YouTube Giving away Users Print

Ex Cadets - youtube.jpgLast Thursday, Google was directed by a US district judge to share the login names and Internet addresses of its YouTube users with media company Viacom. The users of Google's popular video-sharing Web site, YouTube, run into millions.

The court ruling comes after the infamous $1 billion copyright infringement lawsuit was slapped on Google by Viacom, which owns cable networks such as MTV, VH1, and Nickelodeon. Viacom alleged that via YouTube, Google was making big bucks by way of uploading and promoting copyrighted data on a large scale.

The ruling now makes it imperative for Google to reveal some 12 Terabytes of YouTube user data comprising their login IDs and IP addresses, viewing habits including videos viewed by them and for how long.

That such private data will be disclosed has set alarm bells ringing. Privacy advocates argue that such disclosure would violate the 1988 Video Privacy Protection Act, which stipulates that private records may not be turned over to a third-party unless the person whose records are being revealed is given an opportunity to contest such a decision.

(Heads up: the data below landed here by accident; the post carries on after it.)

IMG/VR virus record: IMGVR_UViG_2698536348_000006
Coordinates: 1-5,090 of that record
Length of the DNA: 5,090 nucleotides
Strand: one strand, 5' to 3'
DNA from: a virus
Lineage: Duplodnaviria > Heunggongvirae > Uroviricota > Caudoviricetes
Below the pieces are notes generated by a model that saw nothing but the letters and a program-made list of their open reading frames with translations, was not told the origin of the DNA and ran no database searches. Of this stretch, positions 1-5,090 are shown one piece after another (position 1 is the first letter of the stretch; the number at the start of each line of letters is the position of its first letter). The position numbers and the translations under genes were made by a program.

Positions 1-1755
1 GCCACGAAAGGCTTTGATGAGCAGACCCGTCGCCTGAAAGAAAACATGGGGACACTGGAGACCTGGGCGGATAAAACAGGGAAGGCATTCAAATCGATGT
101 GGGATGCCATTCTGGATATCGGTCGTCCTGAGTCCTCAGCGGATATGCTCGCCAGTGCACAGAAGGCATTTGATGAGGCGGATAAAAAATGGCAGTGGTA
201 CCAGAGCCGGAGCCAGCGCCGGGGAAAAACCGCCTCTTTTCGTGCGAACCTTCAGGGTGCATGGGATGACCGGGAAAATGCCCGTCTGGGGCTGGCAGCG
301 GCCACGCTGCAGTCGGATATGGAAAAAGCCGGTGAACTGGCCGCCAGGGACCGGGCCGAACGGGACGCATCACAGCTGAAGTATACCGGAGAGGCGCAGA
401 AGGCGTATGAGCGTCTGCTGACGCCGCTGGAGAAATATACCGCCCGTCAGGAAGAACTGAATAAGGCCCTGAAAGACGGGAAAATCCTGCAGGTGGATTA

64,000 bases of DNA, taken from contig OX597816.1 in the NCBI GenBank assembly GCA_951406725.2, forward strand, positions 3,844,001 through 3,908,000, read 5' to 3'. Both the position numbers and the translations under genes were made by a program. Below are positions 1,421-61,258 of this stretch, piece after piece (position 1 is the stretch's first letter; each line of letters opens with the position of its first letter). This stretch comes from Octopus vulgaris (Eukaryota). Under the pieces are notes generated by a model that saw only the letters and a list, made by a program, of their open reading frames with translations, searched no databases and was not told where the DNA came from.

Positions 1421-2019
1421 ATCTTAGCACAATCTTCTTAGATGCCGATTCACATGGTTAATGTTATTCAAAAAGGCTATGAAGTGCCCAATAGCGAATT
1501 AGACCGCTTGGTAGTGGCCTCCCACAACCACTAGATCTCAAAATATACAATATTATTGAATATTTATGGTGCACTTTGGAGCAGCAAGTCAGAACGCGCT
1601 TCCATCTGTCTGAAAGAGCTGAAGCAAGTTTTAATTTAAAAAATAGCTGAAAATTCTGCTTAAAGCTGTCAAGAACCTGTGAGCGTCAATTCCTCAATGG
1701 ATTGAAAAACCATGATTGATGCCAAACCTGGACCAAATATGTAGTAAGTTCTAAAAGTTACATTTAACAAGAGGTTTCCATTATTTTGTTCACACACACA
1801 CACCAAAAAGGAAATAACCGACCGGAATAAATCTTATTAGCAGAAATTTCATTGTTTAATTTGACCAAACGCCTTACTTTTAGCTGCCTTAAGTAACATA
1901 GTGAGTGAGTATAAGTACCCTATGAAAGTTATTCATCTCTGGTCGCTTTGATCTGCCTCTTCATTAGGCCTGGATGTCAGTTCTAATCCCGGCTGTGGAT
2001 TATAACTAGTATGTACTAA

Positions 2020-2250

Viacom has responded saying it has no intention of using personal information to persecute viewers. Rather it only wants to prove that YouTube is promoting viewing of pirated content for profits sake.

Meanwhile reports just in suggest that Viacom has agreed to comply with anonymity requests; meaning it might agree to obscure personal identification information.


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